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The next two chapters deal with William Shakespeare's A Midsummer Night's Dream in terms of hypallage or, in Puttenham's irresistible locution, "The Changeling," and Ben Jonson's Epicoene in terms of enallage, or (again, Puttenham) "The Figure of Exchange.
For Moulton, this erotic subgenre in England moved from later sixteenth-century "disorderly effeminacy" to "masterful masculinity" (211) in the seventeenth, and one of the prime catalysts, of course, was the wildly popular Ben Jonson, whose character Dauphine in Epicoene "represents a dream of masculine authorial autonomy in which the feminine is utterly rejected--a dream that for Jonson can be fully realized only by an aristocratic homoerotic male in a homosocial male society" (218).
He might well have included Jonsonian characters such as Surly and Sir Epicure Mammon, whose scene of confrontation Hazlitt later praises as "the finest example I know of dramatic sophistry" (5:39, VI:45), the fortune hunters from Volpone, each "occupied with the ridiculousness of the other's pretensions" while "blind only to the absurdity of his own" (5:38, VI:44), and finally the central character Morose from Epicoene, identified by Jonson as "a gentleman that loves no noise.
Two doors and a concealment space: Ben Jonson's Epicoene
For this study the female characters from Ben Jonson's Epicoene and William Shakespeare's Love's Labours Lost will demonstrate the social gradation that questions the binary of virgin and whore.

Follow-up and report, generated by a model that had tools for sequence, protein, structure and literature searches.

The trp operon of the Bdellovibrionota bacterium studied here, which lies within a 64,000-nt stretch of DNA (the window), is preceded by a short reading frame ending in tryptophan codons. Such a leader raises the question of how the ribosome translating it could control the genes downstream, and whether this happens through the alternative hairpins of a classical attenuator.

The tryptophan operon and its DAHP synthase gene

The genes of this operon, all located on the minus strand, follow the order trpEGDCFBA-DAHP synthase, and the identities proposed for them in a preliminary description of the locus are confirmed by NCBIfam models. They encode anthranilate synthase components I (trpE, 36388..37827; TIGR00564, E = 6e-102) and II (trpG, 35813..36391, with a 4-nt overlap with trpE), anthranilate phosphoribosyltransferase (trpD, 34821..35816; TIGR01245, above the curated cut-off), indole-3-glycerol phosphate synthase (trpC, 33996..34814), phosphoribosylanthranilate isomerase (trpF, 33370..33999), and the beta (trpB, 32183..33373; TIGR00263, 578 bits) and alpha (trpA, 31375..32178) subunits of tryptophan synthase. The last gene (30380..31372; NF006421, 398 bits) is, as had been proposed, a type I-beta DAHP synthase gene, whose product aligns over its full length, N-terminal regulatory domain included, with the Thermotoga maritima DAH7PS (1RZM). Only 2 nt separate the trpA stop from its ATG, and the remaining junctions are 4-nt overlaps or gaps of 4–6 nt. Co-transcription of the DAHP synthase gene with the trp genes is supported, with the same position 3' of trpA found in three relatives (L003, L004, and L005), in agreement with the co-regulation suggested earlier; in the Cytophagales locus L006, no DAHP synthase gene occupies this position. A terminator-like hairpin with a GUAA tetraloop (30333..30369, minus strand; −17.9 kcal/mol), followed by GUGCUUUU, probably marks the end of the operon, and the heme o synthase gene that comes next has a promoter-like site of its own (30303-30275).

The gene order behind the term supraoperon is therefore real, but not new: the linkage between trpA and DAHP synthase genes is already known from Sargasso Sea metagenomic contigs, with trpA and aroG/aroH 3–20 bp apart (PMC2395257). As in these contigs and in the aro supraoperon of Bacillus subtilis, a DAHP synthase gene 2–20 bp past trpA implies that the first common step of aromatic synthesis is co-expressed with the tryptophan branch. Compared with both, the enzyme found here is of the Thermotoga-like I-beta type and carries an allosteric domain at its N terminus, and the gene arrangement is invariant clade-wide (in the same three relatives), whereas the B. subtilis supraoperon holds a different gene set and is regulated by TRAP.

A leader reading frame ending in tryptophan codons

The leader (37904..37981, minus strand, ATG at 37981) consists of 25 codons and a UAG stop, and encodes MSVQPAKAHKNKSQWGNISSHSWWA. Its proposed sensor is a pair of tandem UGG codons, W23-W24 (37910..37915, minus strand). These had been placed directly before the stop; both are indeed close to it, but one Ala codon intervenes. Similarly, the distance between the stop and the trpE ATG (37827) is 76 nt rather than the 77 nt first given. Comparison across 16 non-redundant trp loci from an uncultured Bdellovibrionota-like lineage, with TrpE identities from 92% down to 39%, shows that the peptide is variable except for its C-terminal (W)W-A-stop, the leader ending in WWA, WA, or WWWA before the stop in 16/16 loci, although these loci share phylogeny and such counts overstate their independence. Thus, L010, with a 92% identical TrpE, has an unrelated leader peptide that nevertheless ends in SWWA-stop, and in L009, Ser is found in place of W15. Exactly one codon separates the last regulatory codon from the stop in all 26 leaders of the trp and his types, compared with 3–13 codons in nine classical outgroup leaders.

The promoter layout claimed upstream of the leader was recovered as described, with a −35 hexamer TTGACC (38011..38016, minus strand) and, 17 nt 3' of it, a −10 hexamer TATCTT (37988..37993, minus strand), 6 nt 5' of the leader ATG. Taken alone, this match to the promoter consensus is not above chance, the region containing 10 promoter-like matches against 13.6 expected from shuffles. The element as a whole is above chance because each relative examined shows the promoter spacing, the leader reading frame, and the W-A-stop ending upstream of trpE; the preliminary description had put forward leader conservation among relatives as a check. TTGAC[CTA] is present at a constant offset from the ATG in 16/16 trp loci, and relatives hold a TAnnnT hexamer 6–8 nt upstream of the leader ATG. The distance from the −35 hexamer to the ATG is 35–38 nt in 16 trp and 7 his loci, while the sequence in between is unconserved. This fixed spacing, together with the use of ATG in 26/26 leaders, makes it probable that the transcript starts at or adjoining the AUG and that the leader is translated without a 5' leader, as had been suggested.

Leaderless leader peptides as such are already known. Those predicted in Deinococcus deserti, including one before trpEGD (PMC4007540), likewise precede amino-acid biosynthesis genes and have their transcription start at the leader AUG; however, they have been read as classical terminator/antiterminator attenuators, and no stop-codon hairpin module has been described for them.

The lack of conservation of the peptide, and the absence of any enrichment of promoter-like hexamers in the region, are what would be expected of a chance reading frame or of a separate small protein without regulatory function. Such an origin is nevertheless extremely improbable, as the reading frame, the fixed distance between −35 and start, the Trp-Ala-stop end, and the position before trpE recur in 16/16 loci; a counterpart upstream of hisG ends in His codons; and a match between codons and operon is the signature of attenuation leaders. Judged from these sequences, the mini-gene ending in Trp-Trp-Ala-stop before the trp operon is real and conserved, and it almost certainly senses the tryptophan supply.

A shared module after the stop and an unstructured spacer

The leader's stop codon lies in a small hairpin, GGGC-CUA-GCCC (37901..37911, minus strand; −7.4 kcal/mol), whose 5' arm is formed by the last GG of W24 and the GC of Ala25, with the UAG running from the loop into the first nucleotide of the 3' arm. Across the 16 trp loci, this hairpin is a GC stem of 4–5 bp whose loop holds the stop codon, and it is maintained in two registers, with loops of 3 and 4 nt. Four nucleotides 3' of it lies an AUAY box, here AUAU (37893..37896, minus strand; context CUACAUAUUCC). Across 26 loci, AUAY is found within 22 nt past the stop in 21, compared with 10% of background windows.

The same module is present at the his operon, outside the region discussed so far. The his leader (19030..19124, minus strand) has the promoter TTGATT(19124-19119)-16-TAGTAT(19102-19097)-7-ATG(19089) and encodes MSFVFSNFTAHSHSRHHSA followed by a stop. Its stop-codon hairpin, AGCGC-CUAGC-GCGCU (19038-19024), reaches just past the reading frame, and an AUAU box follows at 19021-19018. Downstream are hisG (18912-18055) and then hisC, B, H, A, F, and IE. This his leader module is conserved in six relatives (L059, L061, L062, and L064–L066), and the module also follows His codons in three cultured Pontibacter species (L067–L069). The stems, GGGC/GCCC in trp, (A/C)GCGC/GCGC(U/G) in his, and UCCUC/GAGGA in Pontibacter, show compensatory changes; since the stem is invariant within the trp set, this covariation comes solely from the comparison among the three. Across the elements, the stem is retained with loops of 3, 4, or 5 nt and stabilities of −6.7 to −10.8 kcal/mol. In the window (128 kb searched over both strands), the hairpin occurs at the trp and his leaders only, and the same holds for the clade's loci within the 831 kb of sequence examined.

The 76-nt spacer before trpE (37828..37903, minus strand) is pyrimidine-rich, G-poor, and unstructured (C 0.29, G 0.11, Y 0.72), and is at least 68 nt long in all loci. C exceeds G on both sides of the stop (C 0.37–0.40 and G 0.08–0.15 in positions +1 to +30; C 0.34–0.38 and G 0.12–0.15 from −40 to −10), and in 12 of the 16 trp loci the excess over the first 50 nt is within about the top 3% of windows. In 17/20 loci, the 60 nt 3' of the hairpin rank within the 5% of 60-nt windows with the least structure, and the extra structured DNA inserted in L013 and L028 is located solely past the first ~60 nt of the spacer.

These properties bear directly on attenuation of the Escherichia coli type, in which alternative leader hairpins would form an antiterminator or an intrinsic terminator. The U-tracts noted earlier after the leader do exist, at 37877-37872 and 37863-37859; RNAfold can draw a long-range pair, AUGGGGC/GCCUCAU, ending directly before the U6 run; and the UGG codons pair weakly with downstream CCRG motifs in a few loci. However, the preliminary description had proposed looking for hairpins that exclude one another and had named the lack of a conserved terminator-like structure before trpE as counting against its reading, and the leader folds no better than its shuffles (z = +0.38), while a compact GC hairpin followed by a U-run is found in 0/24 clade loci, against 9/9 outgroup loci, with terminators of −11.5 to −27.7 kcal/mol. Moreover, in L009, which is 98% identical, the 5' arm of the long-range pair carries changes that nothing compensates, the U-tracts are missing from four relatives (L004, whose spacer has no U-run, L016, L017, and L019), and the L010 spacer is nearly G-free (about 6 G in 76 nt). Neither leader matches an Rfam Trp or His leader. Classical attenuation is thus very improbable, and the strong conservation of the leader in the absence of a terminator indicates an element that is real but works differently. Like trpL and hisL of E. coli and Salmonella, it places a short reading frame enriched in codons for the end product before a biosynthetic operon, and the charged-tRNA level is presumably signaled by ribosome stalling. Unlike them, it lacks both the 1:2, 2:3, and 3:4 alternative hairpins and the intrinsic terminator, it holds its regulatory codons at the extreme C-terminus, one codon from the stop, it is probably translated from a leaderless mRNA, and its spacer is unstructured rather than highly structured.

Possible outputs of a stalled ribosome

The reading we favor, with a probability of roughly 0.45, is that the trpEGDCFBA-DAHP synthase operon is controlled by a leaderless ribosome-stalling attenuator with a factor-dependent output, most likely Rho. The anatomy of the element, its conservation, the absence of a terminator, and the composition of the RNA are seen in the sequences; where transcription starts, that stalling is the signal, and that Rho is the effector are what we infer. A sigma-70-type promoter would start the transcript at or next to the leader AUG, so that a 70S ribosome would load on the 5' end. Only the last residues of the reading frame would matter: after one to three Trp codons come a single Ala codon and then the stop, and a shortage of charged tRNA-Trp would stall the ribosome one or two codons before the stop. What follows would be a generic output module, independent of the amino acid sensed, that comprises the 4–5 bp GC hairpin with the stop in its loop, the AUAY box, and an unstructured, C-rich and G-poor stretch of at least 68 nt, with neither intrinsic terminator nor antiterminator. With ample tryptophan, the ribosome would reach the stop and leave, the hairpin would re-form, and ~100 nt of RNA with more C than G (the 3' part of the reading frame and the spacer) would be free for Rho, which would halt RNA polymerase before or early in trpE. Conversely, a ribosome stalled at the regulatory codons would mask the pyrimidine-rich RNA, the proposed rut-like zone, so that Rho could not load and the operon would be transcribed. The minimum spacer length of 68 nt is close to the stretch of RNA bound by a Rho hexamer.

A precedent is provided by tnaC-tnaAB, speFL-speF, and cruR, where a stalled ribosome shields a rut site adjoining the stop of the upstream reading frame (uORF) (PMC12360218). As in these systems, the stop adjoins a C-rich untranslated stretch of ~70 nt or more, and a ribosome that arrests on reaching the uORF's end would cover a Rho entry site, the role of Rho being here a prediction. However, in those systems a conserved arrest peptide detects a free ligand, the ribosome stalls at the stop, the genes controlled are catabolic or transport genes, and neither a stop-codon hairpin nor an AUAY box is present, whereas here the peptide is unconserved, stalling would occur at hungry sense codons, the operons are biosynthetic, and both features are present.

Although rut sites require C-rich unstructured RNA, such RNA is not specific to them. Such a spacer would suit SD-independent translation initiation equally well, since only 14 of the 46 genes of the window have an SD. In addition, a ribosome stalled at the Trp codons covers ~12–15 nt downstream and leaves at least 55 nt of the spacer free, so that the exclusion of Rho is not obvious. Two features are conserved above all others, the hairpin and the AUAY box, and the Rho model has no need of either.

Chapman, Jonson, Marston), Your Five Gallants (Middleton), and Epicoene (Jonson) used jokes to highlight the precariousness of social hierarchy, displaying a propensity for critique which set the Queen's Revels comedies apart from other examples of comedic theatre in the period.
Incorporating recent research on medical history and anthropology, he examines portrayals of five groups: drug sellers, women practitioners, surgical healers, including barbers and barber- surgeons, physicians, and patients in Romeo and Juliet, The Alchemist, All's Well That Ends Well, The Wise Woman of Hogsdon, Troilus and Cressida Epicoene, Twelfth Night, and others.
A full assessment of the surprise value of this scene would have to take into account the fact that many people seeing or reading Epicoene for the first time already know that a shock awaits them.
Jai Lynch as Morose in Epicoene by Ben Jonson, performed by final year students at Birmingham School of Acting at the Sanctuary nightclub last month.
But after his marriage to Epicoene, the "silent woman," a thunderous crowd of London's most pompous and frivolous personages descends upon his home.
Jonson's Epicoene shows women "[pitted] against one another along class lines" (109) and Shakespeare's The Merchant of Venice and As You Like it allow women to pretend to be men briefly, while reinforcing male dominance, in the end playing on the audience's knowledge that even the crossdressing women are really little boys.
1) Zucker's approach allows him to locate, to use a favored term in this book, how plays like Jonson's Epicoene make use of their very carefully specified locations to explore the "material and social logic of wit" and at the same time how the aptitudes and dispositions called wit "cut across political and economic relationships bound to the sites reimagined on stage" (8).